NYT Letters: Concerns About the Safety of Drilling

by Duane Nichols on December 27, 2012

Concerns About the Safety of Drilling

NEW YORK TIMES, December 25, 2012

To the Editor, New York Times:

In “Sending Natural Gas Abroad” (editorial, Dec. 16), you write that environmental concerns about fracking for gas should be addressed by tighter regulation, not by restricting exports. But the evidence shows that there is no amount of regulation that can make fracking safe.

Cement in wells many thousands of feet under the earth cracks and leaks under the great pressure and temperature changes. No one can be sent thousands of feet under the earth to make repairs once this happens.

Industry documents show that 6 percent of the wells leak immediately and that 60 percent leak over time, poisoning drinking water and putting the powerful greenhouse gas methane into our atmosphere.

We need to develop truly clean energy, not dirty water created by fracking.

YOKO ONO, New York, December 16, 2012, The writer is a co-founder of Artists Against Fracking.


To the Editor, New York Times:

Your editorial lauding the “benefits” of exporting liquefied natural gas misses the big picture. If President Obama approves more natural gas exports, it will mean more drilling and fracking for shale gas. This is inherently unsafe; the severe risks and costs of drilling and fracking can’t be regulated away. That is why over 120 public health, faith-based, environmental and consumer groups have united under the banner of Americans Against Fracking.

Moreover, the report that the Department of Energy is using to evaluate export proposals sweeps under the rug the public costs of more drilling and fracking, and insults us with the argument that the benefits enjoyed by the oil and gas industry and its financiers will trickle down. The fact is that L.N.G. exports will overwhelmingly benefit oil and gas corporations and their major shareholders, not most Americans, and especially not communities that will be economically ravaged by this destructive process.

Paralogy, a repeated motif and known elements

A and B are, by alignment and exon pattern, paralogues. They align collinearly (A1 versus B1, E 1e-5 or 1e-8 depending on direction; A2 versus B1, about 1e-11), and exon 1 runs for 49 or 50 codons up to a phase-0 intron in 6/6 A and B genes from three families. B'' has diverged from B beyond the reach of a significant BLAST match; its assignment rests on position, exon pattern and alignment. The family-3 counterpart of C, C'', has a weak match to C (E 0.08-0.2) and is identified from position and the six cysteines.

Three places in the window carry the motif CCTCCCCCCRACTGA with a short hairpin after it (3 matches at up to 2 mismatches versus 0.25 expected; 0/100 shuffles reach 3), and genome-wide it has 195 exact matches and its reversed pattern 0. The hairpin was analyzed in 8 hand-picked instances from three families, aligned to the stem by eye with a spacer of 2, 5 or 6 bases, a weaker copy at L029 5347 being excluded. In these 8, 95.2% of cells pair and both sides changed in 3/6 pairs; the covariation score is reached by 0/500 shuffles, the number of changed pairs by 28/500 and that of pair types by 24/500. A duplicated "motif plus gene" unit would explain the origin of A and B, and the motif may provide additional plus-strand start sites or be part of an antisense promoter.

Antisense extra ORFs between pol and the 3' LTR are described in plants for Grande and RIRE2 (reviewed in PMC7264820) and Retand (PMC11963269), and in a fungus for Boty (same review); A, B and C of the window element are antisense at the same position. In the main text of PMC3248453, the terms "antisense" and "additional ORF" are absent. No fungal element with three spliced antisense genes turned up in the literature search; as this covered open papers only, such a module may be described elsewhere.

WENONAH HAUTER & JIM DEAN, Washington, December 17, 2012, The writers are, respectively, executive director of Food and Water Watch and chairman of Democracy for America.


To the Editor, New York Times:

Your editorial neglects a third, much larger opposition group that has very little money to devote to the conflict over fracking. That is the affected people in about 30 states who live where it is going on.

The industry and its financiers have managed to paint this vast, largely faceless group as unworthy of notice. We are landowners, hunters, retirees and others who choose to live in rural areas. Apparently, personal injury, loss of clean air and water, and the long-term damage to rural industries like agriculture, forestry and recreation are not highly regarded.

The world needs to be thinking about future resources, not a decade or two of gas and profit.

S. THOMAS BOND, Jane Lew, W.Va., December 16, 2012. (Mr. Bond is a cattle farmer and member of The Guardians of the West Fork in Lewis County, WV).

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